One lunch-time I run into a woman who’s just been on one of our ‘One Day’ workshops, and she asks me where I’m going. ‘Back to work’ I say, ‘I’m just on my lunch-hour’. She looks a mixture of mystified and disappointed. ‘I’m surprised’ she says. ‘You were encouraging us all to go with our hearts the other week, and do what we want with our lives. And yet here you are on your way back into work. Is this what you really want to be doing?’ I tell Sarah about this and it really touches a nerve in both of us. We start to realise that before we can really fly, we’re going to have to jump.

Around this time the place where Sarah works is moving offices. Sarah surprises her colleagues by putting most of her files in the recycling bags rather than the removal boxes. ‘I won’t need them’ she answers, to their bemused queries. ‘I won’t be staying in the new place for long!’

Meanwhile we carry on working and experimenting with ‘a sense of place’. As well as the personal ‘change your life’ stuff we also go into organisations and communities.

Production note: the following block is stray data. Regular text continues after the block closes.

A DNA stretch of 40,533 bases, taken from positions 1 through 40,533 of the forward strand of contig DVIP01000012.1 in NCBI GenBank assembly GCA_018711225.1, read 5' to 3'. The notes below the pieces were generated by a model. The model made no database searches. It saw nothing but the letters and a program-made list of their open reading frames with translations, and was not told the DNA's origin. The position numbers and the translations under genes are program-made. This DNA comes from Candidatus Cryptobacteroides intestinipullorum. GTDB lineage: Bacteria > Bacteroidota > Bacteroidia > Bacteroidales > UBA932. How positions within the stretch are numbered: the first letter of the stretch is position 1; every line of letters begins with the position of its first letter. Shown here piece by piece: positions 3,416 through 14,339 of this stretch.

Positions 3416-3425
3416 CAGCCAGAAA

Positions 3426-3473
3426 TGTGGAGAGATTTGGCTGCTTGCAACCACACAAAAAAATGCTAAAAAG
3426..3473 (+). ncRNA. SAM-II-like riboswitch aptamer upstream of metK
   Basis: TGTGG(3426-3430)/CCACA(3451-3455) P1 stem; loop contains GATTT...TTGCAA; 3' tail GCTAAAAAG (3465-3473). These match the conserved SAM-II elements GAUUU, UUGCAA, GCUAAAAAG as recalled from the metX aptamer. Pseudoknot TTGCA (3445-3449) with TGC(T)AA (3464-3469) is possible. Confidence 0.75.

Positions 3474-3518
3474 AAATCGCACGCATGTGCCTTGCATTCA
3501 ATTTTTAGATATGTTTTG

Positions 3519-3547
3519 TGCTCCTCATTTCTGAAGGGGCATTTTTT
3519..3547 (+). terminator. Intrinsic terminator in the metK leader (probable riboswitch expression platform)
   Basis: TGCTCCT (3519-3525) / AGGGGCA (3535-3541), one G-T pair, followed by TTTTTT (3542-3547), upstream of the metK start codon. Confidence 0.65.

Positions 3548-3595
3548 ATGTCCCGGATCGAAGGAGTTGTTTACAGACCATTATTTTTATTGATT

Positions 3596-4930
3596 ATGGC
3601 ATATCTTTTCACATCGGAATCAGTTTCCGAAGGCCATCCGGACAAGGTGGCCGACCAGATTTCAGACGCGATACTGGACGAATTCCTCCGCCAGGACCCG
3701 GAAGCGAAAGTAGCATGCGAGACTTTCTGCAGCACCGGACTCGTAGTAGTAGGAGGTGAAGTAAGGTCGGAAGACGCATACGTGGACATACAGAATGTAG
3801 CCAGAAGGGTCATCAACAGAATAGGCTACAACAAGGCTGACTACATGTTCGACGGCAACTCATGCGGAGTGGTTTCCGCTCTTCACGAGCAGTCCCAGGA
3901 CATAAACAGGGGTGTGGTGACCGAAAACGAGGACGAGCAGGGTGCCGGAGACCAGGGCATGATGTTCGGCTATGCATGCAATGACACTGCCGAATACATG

For a couple of years now I’ve been doing some volunteer writing to help out the Big Issue in the North, a social enterprise that helps homeless people generate an income by selling its magazine. I’ve been doing art and occasional food reviews and I get to know Anne McNamara and Ruth Turner who run it. I tell them about ‘a sense of place’ and one day they take us on to do a day’s workshop with their Manchester vendors about what they might want to do next in their lives. Looking back from years later, there’s a lot we’d do differently about that day. But once again, we learn loads. And the beginnings of working with a social enterprise is deeply significant for our future.